Fig. 2 Crystalline lens GRIN tested in the simulations for a young human lens (A), a middle age lens (B) and an old human lens (C). The index of refraction ranged from 1.410 in the nucleus to 1.378 in the surface. The black line represents the undistorted cuvette, the red line represents the distorted posterior surface, and the blue line the distorted cuvette, for a 6-mm pupil. These curves are the input data to the optimization algorithm.

2.4. Experimental measurements

Experimental measurements were performed on an isolated porcine lens. Enucleated porcine eyes were obtained in a local slaughterhouse, and used within 4 hours post-mortem. The lens was extracted from the cadaver eye and placed on a ring holder in a PMMA chamber filled with preservation medium (BSS plus, Alcon, Fort Worth TX, n = 1.345). The lens was aligned with the OCT system and 3-D OCT images were collected of the anterior and posterior lens surfaces, and the base of the cuvette. The lens was first imaged with the anterior surface up, and then flipped over and imaged with the posterior surface up (similarly to the procedure described [24

24. S. Ortiz, D. Siedlecki, I. Grulkowski, L. Remon, D. Pascual, M. Wojtkowski, and S. Marcos, “Optical distortion correction in optical coherence tomography for quantitative ocular anterior segment by three-dimensional imaging,” Opt. Express 18(3), 2782–2796 (2010). [PubMed]

], but with 3-D rather than 2-D data acquisition). Also, the cuvette was imaged with and without the crystalline lens filled in with preservation medium in both cases. The whole procedure of the measurement took less than one hour, during which the crystalline lens was continuously immersed in the preservation medium.

2.5. OCT system

2.6. OCT image processing

The detection of anterior and posterior surfaces of the crystalline lens was performed using two different strategies, according to the differences in the reflectivity of the surfaces. For the anterior surface, the segmentation algorithm searches the maximum of intensity in each A-scan, and for the posterior surface the segmentation algorithm is based on edge detection of the thresholded image. The surface of the distorted cuvette was segmented using the first method.

The pair of 3-D full crystalline lens images obtained in two orientations (anterior surface and posterior surface up) was registered, to ensure that comparisons were made for the lens in an identical position. The axis of astigmatism of the entire lens (which should be the same in the two orientations of the lens) was used as a reference for alignment. The axis of astigmatism of each lens surface was computed from the Zernike fits (up to the 6th order, 6-mm diameter) to each surface elevation map. The astigmatism axis of the lens was calculated from the astigmatic distortion of the image of the base of the cuvette. Using astigmatism as a signature for rotation leaves an uncertainty of 180 degrees, which is easily solved by carefully monitoring the lens handling while the lens was flipped, and by inspection of irregularities in the image that serve as landmarks. Figure 4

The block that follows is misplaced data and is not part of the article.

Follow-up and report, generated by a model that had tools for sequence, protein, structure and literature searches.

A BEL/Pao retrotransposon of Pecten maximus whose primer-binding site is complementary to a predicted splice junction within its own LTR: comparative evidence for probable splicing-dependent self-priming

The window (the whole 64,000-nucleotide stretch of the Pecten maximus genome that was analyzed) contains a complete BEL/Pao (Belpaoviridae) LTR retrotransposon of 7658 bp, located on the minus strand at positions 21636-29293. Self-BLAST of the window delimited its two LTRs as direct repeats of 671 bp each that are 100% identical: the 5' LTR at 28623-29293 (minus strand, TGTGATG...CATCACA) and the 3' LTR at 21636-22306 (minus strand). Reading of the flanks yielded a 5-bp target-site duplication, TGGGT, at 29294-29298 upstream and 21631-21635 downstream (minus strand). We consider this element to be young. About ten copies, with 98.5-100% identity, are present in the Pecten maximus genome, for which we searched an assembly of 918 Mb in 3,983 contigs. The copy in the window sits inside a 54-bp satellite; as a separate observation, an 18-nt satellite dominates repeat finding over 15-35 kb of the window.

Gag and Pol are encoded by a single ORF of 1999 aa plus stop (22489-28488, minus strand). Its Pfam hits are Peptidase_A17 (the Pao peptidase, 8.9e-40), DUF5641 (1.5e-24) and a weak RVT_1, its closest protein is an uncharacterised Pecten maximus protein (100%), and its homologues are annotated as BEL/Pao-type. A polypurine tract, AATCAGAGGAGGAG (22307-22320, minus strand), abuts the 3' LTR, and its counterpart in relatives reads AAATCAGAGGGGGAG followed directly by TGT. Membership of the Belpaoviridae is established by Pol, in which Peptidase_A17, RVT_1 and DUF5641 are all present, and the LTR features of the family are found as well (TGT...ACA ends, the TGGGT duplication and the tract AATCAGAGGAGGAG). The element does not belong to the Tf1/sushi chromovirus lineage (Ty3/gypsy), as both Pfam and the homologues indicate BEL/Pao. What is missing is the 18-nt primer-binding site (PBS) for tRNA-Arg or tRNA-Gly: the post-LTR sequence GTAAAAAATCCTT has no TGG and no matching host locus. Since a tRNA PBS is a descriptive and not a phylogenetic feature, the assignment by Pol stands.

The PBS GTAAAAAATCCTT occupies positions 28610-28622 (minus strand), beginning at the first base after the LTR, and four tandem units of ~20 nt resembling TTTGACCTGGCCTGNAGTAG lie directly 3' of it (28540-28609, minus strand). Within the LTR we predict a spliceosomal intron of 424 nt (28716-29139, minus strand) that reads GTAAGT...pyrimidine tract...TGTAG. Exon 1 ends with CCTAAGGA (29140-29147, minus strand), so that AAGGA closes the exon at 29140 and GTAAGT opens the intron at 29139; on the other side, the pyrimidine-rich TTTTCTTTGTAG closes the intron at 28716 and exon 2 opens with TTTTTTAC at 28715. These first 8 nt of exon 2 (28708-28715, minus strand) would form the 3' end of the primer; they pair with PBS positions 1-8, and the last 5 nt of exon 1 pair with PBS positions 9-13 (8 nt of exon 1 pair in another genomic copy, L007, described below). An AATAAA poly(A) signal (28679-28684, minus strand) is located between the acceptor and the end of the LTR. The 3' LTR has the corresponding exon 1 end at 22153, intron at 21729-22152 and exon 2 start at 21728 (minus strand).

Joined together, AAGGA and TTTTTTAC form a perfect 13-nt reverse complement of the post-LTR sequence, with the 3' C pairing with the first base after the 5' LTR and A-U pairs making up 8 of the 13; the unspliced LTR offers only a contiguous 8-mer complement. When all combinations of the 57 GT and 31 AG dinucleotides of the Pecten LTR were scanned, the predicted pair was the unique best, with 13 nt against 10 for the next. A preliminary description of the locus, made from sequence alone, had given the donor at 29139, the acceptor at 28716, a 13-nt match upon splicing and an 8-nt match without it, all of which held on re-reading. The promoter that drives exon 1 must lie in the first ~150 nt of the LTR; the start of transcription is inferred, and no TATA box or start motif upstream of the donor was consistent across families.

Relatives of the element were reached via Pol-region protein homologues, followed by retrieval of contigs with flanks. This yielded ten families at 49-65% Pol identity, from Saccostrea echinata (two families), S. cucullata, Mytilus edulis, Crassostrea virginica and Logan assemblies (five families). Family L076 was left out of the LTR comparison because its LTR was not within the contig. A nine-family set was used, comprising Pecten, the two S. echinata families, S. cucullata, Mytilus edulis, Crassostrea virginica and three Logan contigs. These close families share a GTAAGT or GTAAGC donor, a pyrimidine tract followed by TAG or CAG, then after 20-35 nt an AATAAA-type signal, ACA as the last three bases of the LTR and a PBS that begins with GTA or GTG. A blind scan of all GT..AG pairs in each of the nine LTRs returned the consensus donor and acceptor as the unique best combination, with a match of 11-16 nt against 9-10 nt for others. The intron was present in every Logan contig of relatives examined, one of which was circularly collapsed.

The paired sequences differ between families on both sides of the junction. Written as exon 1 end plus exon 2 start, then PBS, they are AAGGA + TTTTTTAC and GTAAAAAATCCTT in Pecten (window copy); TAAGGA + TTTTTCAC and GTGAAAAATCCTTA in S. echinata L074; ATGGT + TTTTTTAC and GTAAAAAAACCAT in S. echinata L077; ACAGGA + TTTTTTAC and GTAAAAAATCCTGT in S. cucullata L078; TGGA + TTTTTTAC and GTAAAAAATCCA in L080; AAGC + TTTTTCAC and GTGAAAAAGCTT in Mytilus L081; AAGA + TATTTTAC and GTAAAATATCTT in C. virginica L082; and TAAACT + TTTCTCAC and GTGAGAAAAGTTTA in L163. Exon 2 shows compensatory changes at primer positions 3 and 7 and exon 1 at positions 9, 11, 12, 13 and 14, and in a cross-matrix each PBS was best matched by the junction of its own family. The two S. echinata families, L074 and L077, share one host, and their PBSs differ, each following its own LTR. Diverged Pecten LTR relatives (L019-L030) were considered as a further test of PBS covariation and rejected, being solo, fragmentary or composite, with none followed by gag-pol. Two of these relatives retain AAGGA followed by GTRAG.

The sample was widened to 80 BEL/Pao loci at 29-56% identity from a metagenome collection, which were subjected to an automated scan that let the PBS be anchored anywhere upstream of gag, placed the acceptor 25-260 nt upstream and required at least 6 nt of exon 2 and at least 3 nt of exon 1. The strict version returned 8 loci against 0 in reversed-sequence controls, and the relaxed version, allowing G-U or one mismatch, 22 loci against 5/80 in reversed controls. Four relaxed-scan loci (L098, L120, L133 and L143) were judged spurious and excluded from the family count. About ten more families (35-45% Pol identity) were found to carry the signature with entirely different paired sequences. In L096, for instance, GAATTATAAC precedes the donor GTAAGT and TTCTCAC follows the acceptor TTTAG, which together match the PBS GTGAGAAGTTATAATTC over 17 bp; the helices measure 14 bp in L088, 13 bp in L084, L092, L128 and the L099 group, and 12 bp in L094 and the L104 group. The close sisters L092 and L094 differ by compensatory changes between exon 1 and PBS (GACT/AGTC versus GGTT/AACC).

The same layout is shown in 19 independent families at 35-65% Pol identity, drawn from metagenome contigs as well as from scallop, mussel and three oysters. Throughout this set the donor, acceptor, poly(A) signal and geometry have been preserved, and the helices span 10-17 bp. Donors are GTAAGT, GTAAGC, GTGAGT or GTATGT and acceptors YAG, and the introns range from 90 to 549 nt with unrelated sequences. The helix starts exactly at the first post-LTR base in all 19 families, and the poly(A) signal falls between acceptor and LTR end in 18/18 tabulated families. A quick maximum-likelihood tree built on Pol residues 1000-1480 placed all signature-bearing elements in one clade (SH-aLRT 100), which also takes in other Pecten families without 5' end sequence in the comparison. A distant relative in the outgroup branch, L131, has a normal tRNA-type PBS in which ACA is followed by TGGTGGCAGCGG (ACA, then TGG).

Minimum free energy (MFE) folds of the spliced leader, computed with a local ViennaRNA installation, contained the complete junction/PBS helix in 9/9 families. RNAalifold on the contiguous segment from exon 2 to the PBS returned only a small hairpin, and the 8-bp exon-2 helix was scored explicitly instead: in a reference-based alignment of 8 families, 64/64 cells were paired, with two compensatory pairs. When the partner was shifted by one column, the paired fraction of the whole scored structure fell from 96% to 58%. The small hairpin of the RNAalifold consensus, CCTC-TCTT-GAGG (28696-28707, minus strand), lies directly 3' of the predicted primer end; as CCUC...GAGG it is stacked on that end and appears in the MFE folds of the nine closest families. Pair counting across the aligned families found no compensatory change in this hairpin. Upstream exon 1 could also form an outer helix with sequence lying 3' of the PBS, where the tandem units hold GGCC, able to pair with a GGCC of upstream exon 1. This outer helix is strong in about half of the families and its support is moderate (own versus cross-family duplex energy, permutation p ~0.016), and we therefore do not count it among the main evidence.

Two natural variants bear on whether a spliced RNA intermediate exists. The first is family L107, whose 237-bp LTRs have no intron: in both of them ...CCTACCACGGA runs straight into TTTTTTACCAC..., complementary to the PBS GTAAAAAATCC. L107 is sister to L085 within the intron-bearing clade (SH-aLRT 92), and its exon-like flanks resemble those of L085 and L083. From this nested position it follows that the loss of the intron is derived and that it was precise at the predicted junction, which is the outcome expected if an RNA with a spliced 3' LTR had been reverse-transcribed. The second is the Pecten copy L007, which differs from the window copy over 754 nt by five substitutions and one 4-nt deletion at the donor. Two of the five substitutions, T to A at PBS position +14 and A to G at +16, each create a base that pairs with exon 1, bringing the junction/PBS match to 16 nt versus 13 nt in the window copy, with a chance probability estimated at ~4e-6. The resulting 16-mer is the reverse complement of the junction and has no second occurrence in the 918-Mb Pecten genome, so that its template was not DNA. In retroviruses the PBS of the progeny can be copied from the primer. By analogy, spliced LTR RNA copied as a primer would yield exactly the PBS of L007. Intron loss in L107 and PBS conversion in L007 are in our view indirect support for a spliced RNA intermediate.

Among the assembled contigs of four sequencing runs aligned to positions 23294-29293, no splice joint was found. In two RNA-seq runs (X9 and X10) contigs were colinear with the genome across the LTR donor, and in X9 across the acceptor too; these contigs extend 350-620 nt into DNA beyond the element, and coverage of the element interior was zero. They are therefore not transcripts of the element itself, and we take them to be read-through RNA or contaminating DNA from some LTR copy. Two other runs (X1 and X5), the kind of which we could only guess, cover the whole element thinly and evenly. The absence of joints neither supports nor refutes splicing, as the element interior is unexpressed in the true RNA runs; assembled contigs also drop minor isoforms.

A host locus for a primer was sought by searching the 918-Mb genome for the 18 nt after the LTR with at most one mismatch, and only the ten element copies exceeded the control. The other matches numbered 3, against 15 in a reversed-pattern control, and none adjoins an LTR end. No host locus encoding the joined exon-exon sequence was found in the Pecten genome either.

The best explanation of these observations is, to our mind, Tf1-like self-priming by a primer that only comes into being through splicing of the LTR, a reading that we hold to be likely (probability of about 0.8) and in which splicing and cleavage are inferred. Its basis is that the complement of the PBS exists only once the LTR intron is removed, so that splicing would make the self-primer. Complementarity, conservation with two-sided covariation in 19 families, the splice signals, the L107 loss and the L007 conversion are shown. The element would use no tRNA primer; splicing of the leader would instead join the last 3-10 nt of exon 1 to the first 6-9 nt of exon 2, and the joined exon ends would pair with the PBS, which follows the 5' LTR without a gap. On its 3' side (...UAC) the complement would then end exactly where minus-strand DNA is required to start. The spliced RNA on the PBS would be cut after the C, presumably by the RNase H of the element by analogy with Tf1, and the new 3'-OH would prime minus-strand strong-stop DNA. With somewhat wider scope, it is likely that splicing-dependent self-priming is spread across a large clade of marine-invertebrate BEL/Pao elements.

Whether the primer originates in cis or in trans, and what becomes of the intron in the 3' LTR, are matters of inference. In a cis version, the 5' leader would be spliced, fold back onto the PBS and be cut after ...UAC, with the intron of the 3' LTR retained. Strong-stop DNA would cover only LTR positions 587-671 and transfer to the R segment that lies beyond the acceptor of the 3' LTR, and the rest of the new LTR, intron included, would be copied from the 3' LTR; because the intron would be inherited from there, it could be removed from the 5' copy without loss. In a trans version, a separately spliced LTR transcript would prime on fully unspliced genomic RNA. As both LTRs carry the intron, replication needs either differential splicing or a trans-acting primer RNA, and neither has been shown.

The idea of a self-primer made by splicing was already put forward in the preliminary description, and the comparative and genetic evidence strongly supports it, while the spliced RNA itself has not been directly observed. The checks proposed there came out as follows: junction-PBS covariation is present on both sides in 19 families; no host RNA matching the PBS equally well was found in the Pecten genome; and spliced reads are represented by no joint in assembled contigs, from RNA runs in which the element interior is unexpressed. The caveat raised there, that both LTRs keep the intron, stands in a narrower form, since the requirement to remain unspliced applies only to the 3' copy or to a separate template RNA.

Fig. 4 Three dimensional OCT data from images of the crystalline lens placed with the anterior surface up (left) and the posterior up (right). The blue and red points correspond to the segmented anterior and posterior surfaces of the lens, respectively. The green points correspond to the segmented cuvette surface imaged through the crystalline lens and the black points to the segmented cuvette surface without the crystalline lens. All data are fan distortion corrected, and the surfaces are also distorted due to the presence of preservation media.
shows the data obtained from three dimensional OCT measurements of the crystalline lens placed with the anterior surface up (A) and the posterior up (B).

2.7. Crystalline lens shape and thickness

The crystalline lens shape was obtained from the direct OCT images of the crystalline lens (anterior lens up and posterior lens up), i.e. not subject to optical distortion, and corrected from fan distortion. The 3-D elevation maps were fitted by Zernike polynomials up to 6th order. However, as the GRIN model used is defined assuming conic surfaces, only symmetric Zernike coefficients and astigmatism were used to implement the lens surfaces in the algorithm.

The crystalline lens thickness was calculated from the distortion induced on the cuvette, following a method described in an earlier study [22

22. S. R. Uhlhorn, D. Borja, F. Manns, and J. M. Parel, “Refractive index measurement of the isolated crystalline lens using optical coherence tomography,” Vision Res. 48(27), 2732–2738 (2008). [PubMed]

].